Best material to fill in gaps on comp shingle roof

I have been up on my roof and have seen a couple of spots where the shingles don't actually touch--I can see the paper that normally lies underneath the shingles. Now I have not noticed any leaking or anything like that, but I'm thinking that an ounce of prevention is worth a pound of cure.
My options are: I do have some leftover shingles in the garage, that are much wider than these gaps. I also have a few bits and pieces of older shingles that have come off the roof, that I have kept for situations like this. Also, in the past, I have worked with Henry's roof cement, a black sticky tar-like substance.
I'm wondering what would be the best product to fill in gaps that are probably less than an inch wide, maybe 4-5 inches long. I'd rather not use a whole, new shingle if I can avoid it. Are older ones that have split up no longer good--would they be more likely to split up again?
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If the shingles are installed correctly, there should be at least 2 layers of shingle material at all locations. In gaps between the strips of shingles you should see the top of the shingle from the row below not tar paper and the gap in the top of the shingle strip should always be under the tab of the shingle above it. Are you sure you are not mistaken, because if you are correct, no sticky black tar like substance is going to fix the defective installation for long.

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Yes, I'm sure. The house was a bank repo and I talked to the roofers when I was buying the house and they told me they were not professionals--they did this on the weekend. Your comments about what should be the case are pretty apropros for the situation. I could go on but I won't.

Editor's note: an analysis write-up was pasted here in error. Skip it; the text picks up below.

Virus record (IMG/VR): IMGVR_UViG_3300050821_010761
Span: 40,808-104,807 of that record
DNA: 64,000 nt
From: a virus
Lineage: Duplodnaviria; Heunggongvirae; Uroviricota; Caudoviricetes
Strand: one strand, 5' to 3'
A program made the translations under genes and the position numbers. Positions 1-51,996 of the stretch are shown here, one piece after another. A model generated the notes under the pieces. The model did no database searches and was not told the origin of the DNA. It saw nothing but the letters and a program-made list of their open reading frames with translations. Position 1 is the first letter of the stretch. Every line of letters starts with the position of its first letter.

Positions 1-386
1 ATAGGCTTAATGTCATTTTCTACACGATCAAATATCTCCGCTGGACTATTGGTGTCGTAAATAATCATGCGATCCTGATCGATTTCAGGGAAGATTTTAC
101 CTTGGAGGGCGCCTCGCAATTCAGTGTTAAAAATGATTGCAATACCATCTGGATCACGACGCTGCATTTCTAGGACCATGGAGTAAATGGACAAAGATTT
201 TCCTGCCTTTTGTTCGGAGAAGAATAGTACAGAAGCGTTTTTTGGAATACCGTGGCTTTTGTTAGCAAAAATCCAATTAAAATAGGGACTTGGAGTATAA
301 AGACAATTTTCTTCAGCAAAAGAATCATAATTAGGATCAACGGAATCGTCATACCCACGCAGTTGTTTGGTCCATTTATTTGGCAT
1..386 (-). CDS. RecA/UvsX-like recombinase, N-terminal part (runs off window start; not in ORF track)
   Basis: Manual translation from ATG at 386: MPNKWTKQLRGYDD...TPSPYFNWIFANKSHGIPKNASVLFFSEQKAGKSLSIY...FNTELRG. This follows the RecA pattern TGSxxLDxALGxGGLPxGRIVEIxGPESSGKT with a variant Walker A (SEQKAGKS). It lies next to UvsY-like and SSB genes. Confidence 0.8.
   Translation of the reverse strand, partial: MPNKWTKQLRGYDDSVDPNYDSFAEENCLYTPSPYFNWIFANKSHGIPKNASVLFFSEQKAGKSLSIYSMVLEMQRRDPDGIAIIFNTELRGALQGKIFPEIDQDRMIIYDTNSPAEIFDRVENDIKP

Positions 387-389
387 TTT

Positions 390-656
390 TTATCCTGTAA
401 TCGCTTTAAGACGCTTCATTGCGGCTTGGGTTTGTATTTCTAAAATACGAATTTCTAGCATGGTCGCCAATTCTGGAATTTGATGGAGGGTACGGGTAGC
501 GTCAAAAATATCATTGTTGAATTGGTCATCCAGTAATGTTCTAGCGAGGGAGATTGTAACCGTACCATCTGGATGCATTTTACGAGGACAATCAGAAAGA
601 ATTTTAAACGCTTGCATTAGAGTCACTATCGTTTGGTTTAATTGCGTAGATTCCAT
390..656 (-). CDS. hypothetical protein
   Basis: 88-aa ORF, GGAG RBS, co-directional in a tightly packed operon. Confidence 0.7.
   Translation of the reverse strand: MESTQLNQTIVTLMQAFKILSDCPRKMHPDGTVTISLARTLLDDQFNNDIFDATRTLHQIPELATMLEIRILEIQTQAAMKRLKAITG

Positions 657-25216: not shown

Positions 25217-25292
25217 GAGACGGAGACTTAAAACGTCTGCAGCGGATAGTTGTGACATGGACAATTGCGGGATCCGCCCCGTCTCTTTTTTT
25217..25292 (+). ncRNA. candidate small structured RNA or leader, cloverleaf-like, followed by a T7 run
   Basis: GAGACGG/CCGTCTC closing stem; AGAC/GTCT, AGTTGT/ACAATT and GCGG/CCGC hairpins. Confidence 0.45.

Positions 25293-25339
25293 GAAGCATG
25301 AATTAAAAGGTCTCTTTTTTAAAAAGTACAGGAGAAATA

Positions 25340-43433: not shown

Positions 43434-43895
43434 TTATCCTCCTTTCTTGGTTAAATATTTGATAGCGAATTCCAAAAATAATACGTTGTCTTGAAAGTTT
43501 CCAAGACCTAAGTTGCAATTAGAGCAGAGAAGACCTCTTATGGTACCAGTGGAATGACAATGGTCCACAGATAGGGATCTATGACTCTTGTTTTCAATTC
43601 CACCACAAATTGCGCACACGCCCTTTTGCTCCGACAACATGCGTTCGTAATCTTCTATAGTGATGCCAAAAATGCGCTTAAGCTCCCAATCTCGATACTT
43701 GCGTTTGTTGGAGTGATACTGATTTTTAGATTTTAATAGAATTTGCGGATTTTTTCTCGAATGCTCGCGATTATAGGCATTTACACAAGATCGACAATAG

OK now--so you are saying that roof cement wouldn't do it. Then my next qeustion would be, are older shingles that have torn away ok to use--or should be careful to use only new ones. As you can imagine, these gaps are rather small, so it would be a bit overkill to use a new shingle (the ones I have are a good 2 feet long if not longer).

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You need a new roof correctly installed and rated for the wind in your area.
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The roofing job was either extremely old or the installers don't know anything about roofing. Being able to see tarpaper anywhere on a roof is a new one on me, never heard of anything except a totally worn out roof where that ws possible.
Bite the bullet and get a new roof. It is a case of pay it now or pay it in the very near future. No amount of patching is going to hold for long.
Spread the word around for people not to use whatever outfit did the roofing. Harry K
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On Tue, 8 Jan 2008 20:19:22 -0800 (PST), Harry K

Biting a bullet is bad advice. Sometimes they fire off and you could end up killing an innocent animal like a coon or sumptin.